Meyers, Steven (Helmut Steven Meyers)
Nuremberg, Germany; Theresienstadt, Treblinka
Helmut Steven Meyers was born on April 11, 1925, in Nuremberg, Germany, the only child of Felix and Emmy Klein Meyers. “When I came to the United States, I wanted to divorce myself completely from the Germans, so I changed my name to Steven H. Meyers.”
Emmy Klein Meyers was from a little town near Nuremberg, Markbreit. Her family was in the wine wholesale business. She had two sisters. One passed away in 1934 from complications of surgery and is buried in Berlin.
Felix Meyers, came from a little town near Frankfurt. “He was one of 11 children. During the First World War, four of the boys went into the army. Three didn’t come back and Felix did come back after he was released from the prisoner of war camp in 1920.” He became a traveling-salesman and represented different wine companies.
Growing up in Nuremberg, “I was a normal young kid. I was in public school. However, in 1934, I was politely put into an all-Jewish school. I had a very nice education; excellent teachers that came from other schools but could no longer teach there because they were Jewish. I went there through eight years.
“The Great Synagogue, the main synagogue in Nuremberg, was torn down in August 1938 by Julius Streicher ‘Because it didn’t fit into the neighborhood.’ I had a bar mitzvah there.
“1938 was Kristallnacht, November 9th. Believe it or not, I didn’t know it happened. We lived in an apartment building and in the morning, I was going to go to school and I walked down the street and walked past the barbershop that I always went to and the man said, ‘What are you doing out, why don’t you go home?’ The reason we didn’t know about Kristallnacht is that the apartment manager, when they came and asked if there were any Jews in the building, he said no. So, we and the other Jews in our building were spared and saved by a considerate person.”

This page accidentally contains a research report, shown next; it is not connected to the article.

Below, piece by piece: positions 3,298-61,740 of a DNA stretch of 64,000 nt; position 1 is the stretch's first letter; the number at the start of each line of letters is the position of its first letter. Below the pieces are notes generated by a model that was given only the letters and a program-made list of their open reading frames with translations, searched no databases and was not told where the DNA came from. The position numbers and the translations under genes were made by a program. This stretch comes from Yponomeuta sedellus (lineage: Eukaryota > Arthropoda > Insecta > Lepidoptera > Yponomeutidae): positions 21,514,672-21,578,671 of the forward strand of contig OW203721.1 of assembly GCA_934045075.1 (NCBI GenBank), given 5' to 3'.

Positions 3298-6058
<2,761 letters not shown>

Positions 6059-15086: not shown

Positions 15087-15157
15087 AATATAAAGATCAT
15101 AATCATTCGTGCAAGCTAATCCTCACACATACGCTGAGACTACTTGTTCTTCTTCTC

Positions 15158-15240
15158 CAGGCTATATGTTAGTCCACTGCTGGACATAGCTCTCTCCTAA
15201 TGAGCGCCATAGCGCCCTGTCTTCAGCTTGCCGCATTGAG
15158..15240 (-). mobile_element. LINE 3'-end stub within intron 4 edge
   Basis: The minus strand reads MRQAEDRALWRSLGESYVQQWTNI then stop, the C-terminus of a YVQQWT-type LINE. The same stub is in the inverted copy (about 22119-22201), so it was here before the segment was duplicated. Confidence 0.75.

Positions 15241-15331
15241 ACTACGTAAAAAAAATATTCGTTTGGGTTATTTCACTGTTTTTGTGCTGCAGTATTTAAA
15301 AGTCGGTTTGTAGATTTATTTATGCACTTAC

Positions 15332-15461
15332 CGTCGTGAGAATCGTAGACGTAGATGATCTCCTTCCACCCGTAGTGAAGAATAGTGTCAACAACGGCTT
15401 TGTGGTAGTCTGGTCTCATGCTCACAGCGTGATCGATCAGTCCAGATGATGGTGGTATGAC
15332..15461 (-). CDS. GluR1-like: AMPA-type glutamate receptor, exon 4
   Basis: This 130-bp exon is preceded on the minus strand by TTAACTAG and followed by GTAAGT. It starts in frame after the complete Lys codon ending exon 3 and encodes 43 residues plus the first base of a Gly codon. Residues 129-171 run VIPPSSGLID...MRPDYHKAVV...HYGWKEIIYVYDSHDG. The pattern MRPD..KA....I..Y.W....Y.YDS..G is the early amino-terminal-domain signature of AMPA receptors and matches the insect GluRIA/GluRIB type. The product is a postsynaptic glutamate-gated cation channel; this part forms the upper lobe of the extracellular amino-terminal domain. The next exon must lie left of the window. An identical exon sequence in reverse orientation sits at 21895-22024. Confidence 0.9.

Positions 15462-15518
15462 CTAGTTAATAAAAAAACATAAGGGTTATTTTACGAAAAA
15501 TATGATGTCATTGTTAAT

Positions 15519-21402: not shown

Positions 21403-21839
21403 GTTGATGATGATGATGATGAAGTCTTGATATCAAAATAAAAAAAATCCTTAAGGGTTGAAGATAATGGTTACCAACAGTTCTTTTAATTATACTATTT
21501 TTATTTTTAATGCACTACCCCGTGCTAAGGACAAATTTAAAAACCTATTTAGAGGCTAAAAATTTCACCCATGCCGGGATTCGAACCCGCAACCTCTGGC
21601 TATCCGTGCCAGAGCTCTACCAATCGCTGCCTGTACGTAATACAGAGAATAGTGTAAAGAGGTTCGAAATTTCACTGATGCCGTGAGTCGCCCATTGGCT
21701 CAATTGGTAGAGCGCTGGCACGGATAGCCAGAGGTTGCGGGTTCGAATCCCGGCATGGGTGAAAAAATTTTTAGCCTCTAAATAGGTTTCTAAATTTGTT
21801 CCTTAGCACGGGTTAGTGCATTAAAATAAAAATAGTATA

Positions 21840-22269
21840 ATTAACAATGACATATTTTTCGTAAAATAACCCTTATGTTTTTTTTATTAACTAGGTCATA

While his parents were in the process of getting the proper paperwork and sponsorship to move to the United States, Steven continued to go to school in Nuremberg. He remembers that it was
“Very uncomfortable in public school. In the Jewish school, my favorite teacher, Dr. Bamberger, was forced to go out and clean the sidewalk with a toothbrush, with water and a toothbrush…. We left in May 1939.”
Steven’s paternal grandmother came to the U.S. with an aunt in 1938. But she passed away shortly thereafter. His maternal grandparents never came out. “My grandfather, Isaac Klein, died of pneumonia in 1941. My grandmother, Paula Stern Klein, and her sister, Frieda Stern Maier, who came to Nuremberg to be with my grandmother because my grandmother was always more or less the leader of the group, were sent to Theresienstadt. They were together on the transport to Treblinka. That’s as far as we know. We never knew…. We just arbitrarily picked a date in 1942 because we found the transport number and the date that they left there to go to Treblinka and said, ‘If they were lucky, they lasted two days through that experience.’”